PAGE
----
Local pharmaceutical committees (LPCs) have expressed concern about the impact the UK’s exit from the European Union will have on pharmacies in England.
Half (50%) of LPCs that responded to a PSNC poll this week said they were worried pharmacies will be blamed for any medicine supply problems caused by Brexit.
Another 29% said the combination of Brexit and the Covid-19 pandemic could be ‘a disaster’ for the sector.
A further 17% said they believed there will be ‘some but not too many’ supply problems, while 3% of respondents felt the UK’s departure from the EU would not have much impact.
The Government has already warned healthcare professionals that ‘significant’ medicine disruptions are likely to take place for several months after the 1 January, due to new checks and bureaucracy at the short crossings between the UK and France.
In August, Steve Oldfield, chief commercial officer at the Department of Health and Social Care (DHSC) said medicine suppliers should stockpile six weeks’ worth of drugs as a safeguard against ‘possible disruptions’.
Responding to PSNC’s findings, Gareth Jones, head of corporate affairs at the National Pharmacy Association (NPA), said: ‘Inevitably, pharmacists with their patients are at the sharp end whenever there are medicine shortages, that’s why the NPA continues to press for further safeguards.
‘These include allowing pharmacists to make simple substitutions when a medicine is out of stock, and permitting pharmacies to share medicines with each other if one runs short of a particular line.’
He added: ‘It can be very frustrating to be blamed for a situation you yourself have had no part in creating. Every community pharmacist knows this feeling unfortunately.’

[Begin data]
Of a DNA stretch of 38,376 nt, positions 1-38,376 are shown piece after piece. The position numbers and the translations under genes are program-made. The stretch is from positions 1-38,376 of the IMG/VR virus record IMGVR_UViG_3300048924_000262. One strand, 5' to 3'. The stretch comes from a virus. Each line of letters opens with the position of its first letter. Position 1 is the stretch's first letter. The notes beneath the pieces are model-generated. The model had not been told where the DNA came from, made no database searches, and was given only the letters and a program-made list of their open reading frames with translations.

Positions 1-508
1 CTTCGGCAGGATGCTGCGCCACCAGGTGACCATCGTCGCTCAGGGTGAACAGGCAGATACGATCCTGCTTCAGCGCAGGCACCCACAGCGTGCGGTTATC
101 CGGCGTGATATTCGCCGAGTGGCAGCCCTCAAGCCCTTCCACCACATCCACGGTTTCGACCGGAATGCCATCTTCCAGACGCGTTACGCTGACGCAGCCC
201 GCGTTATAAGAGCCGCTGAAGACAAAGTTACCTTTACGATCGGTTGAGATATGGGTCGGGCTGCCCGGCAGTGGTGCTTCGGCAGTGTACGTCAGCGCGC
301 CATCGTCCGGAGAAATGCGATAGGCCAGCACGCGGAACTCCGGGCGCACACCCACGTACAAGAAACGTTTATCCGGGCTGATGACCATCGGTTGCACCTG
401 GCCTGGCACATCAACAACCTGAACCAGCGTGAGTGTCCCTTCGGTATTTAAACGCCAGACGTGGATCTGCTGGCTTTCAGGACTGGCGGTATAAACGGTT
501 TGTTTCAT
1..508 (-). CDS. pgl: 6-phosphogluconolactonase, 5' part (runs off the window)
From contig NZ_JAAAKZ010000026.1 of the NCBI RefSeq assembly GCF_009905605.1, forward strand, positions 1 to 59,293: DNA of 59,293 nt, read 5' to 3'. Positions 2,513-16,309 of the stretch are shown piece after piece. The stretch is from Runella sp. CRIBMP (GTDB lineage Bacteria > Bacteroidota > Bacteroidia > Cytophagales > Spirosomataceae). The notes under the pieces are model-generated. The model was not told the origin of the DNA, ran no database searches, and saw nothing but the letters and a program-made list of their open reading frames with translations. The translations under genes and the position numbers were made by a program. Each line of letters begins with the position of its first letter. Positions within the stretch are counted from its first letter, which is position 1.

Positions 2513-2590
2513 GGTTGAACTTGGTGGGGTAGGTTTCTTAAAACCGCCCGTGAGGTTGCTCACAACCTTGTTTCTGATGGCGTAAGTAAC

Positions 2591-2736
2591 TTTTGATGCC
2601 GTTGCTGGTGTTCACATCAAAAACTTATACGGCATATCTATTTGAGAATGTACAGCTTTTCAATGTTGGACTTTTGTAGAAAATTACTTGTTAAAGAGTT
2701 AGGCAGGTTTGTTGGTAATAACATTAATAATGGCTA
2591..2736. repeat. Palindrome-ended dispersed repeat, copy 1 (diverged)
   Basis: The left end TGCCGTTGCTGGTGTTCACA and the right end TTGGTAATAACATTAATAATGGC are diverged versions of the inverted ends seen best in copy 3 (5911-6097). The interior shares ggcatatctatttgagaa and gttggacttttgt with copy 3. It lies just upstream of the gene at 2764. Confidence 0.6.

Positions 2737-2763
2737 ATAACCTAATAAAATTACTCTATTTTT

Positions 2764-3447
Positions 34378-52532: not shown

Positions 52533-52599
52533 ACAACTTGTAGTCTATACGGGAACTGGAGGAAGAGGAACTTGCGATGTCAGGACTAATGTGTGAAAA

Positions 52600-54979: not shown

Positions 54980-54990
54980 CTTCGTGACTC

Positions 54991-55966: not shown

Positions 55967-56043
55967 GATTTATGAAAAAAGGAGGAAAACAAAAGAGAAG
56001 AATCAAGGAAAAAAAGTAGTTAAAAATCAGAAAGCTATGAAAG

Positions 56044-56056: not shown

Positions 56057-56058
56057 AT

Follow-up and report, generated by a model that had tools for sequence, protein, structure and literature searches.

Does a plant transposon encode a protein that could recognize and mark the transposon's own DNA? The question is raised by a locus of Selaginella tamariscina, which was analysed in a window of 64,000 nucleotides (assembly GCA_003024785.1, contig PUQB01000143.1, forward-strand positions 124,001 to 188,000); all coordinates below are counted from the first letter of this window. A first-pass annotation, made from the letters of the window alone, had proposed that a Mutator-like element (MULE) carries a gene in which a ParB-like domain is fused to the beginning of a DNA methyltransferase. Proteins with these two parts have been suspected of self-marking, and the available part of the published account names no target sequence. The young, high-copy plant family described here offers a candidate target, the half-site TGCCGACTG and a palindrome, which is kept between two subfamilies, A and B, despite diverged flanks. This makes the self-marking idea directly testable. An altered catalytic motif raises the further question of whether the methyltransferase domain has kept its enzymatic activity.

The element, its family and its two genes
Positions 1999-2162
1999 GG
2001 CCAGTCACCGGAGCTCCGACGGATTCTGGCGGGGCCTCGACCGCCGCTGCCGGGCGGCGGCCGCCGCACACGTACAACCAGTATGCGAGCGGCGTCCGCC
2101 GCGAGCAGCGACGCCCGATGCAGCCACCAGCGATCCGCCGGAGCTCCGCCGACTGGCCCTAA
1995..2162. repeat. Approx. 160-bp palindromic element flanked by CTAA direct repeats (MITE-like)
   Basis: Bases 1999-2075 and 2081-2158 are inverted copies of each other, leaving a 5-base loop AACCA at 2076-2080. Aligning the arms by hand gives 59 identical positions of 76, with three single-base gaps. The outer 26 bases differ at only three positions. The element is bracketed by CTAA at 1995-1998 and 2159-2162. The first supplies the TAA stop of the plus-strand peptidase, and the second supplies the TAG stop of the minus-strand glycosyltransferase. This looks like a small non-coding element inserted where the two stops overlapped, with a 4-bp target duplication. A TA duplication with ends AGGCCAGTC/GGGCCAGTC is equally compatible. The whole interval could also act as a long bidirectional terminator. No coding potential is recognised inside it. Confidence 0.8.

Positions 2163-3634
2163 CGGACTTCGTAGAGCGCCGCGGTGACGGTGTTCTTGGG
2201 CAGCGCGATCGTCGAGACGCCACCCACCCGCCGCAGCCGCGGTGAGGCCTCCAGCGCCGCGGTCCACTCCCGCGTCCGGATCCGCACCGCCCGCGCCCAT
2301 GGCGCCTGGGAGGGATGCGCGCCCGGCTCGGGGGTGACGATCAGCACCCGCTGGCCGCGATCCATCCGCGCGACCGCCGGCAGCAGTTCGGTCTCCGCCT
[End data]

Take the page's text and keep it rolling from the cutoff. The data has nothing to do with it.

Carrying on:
‘Robust contingency plans’
Sandra Gidley, President of the Royal Pharmaceutical Society (RPS), said: ‘It is crucial the UK’s transition from the EU does not prevent patients from accessing their medicines. With the Covid-19 pandemic and this year’s flu season, our supply chains are already stretched, placing extreme pressure on our profession and other primary care services.
‘We need urgent clarification on any issues that could affect medicines, our workforce, science and research and the pharmaceutical industry.’
A DHSC spokesperson told the Pharmacist that pharmacists ‘can be reassured’ that the Government has ‘robust contingency plans in place and every possible step is being taken so people continue to receive the medication they need’.
The spokesperson added: ‘Patients do not need to stockpile and people should continue to take their medicines and request prescriptions as normal.’
The Medicines and Medical Device Bill – which is currently progressing through Parliament – will instead give the UK Government the power to create its own regulations to prevent fake medicines from entering the supply chain.
The PSNC poll also found that 80% of respondents had either built new or strengthened existing local stakeholder relationships during the pandemic.
However, it revealed that pharmacy PCN leads are facing difficulties engaging with their local networks, with 40% reporting they were struggling to make progress.
Another 32% said they were achieving some engagement but ‘mostly pushback’, while 23% said they faced mainly positive engagement but ‘a little pushback’ and 5% said their pharmacy PCN leads were well engaged.
The poll was carried out at PSNC’s November LPC conference on 17 November.
It follows an update from the negotiating body last week (13 November) on the Covid-19 vaccination programme, which said one of the main ways pharmacies can get involved is by working with their PCN to support the PCN vaccination site and any outreach into care homes.
‘This could involve pharmacy contractors providing staff, under a private arrangement, to support the GP/PCN-led service,’ PSNC said.